Beating even US standards

Written by Sukalp Sharma | Sukalp Sharma | Updated: Mar 31 2013, 09:16am hrs
Delhis ITC Maurya has won appreciation for using 23% less energy than the US Green Building Councils national average for large-size luxury hotels

ITC Maurya in Delhi was the worlds first hotel to have been awarded Platinum rating under the LEED Existing Building (EB) programme. Despite the fact that the hotel wasnt built according to any green building classification over three decades ago, it has led by example in this domain. It uses 23% less energy than the US Green Building Councils national average for large-size luxury hotels. Its HVAC (heating, ventilation and air conditioning), thermal, water management and building management systems underwent retro-commissioning to enhance performance efficiencies. Apart from usual measures like using CFLs and LEDs for lighting and utilising natural light wherever possible, the hotel has taken many unique steps to go green.

It relies on an automated online energy management system that has negligible human intervention and saves about 15% in terms of energy consumption over a manual system. Waste management, too, is taken seriously as almost 100% of the total solid waste is either reused or recycled through recycling programmes or converted into manure by an organic waste converter.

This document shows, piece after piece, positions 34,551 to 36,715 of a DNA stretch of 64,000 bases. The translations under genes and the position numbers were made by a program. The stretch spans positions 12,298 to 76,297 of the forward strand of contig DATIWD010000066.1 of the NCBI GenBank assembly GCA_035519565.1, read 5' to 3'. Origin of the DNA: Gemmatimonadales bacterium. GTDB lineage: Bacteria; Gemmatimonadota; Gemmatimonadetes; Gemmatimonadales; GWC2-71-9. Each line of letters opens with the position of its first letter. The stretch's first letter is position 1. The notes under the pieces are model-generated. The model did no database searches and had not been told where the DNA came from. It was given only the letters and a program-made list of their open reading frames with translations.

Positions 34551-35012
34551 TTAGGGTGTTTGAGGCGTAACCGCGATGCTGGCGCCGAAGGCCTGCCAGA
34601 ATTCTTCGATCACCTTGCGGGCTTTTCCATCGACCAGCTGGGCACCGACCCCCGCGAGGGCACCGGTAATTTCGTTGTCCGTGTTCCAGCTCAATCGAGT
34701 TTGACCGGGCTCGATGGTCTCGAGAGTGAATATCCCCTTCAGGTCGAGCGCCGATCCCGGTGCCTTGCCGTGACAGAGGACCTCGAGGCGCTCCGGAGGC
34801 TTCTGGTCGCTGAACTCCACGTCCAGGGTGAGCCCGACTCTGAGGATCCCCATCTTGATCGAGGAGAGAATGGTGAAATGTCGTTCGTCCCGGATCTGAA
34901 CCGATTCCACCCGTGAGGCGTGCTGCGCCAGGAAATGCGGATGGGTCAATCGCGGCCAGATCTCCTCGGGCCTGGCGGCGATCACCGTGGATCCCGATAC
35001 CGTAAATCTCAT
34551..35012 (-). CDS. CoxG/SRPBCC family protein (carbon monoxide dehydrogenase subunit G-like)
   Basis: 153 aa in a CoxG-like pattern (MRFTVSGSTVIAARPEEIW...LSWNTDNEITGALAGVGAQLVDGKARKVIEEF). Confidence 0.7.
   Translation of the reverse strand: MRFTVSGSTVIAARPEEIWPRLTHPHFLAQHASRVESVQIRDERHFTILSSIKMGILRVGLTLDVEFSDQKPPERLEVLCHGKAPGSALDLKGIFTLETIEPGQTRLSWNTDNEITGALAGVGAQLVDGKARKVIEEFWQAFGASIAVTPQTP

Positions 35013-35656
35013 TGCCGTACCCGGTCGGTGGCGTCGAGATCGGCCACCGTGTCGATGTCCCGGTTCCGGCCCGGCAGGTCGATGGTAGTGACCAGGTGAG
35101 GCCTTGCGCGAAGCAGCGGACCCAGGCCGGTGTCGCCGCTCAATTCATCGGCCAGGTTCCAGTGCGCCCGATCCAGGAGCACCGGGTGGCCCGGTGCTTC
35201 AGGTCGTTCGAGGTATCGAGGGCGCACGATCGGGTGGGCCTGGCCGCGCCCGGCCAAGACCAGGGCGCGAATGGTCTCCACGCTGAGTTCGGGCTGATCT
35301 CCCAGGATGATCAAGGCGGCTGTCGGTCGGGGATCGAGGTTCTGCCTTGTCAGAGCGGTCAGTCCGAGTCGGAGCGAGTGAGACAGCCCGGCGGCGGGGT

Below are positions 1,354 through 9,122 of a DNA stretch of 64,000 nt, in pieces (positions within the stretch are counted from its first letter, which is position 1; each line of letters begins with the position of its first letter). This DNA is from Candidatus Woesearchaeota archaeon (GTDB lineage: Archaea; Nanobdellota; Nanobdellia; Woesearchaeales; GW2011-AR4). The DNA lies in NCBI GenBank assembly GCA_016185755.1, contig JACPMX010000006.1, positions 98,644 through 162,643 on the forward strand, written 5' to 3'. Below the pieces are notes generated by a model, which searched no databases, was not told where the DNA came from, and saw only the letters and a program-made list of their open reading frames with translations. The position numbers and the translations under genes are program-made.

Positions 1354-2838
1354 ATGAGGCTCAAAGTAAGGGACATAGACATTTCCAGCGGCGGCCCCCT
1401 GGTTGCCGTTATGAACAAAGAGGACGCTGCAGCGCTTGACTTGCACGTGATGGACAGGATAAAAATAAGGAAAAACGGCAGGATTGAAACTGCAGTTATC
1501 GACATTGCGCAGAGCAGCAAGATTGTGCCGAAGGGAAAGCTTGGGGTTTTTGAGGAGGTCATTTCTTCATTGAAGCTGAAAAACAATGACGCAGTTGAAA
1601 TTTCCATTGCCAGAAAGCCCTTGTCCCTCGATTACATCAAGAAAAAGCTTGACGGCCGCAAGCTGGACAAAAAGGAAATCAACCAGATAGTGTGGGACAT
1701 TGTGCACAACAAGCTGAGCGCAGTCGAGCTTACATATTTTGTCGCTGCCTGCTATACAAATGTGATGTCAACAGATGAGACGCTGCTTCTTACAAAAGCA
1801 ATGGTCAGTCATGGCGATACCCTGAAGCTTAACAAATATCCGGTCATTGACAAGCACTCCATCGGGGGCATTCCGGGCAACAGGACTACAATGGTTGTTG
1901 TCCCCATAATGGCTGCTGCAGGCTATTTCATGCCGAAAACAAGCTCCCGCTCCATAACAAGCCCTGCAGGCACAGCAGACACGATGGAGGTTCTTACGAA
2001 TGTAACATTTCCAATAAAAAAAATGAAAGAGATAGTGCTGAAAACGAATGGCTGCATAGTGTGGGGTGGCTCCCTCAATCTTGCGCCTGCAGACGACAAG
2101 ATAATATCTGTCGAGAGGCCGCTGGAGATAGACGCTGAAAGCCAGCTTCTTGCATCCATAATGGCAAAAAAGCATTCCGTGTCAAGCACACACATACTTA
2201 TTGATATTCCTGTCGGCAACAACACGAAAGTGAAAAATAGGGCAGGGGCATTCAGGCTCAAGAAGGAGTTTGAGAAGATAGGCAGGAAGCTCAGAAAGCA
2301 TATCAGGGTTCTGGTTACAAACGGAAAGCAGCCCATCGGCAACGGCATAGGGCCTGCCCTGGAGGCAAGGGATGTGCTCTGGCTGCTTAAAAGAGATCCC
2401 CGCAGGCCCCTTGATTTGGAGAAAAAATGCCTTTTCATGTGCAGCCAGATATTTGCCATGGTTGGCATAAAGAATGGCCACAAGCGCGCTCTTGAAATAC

The hotel also uses a solar thermal system for hot water and low-pressure steam application. Under its renewable energy projects, ITC Maurya has installed the Fresnel Paraboloid Solar Concentrating Reflector, which has specially-protected glass reflectors and built-in safety controls, and requires minimum operator intervention and maintenance. ITC Mauryas water conservation and reuse practices, too, have been widely appreciated over the last few years. Only treated recycled water is used for landscape, cooling tower and miscellaneous cleaning. The excess treated recycled water is given to civic bodies for irrigation of landscapes, gardens and forests. The hotel has also installed a rain water harvesting system to recharge the groundwater table with a potential to harvest up to 11,731 kl per annum (with an average annual rainfall of 690mm). Our sewage treatment plant recycles grey water to near-potable quality and this water is used for various cleaning and horticulture applications within the hotel and even given to other agencies. Because of our water harvesting efforts, the water table in the area has risen visibly since its implementation in 2007. Compared with conventional hotels, we are using 30% less energy and almost 40% less water, says S Arunaachalam, chief engineer, ITC Maurya.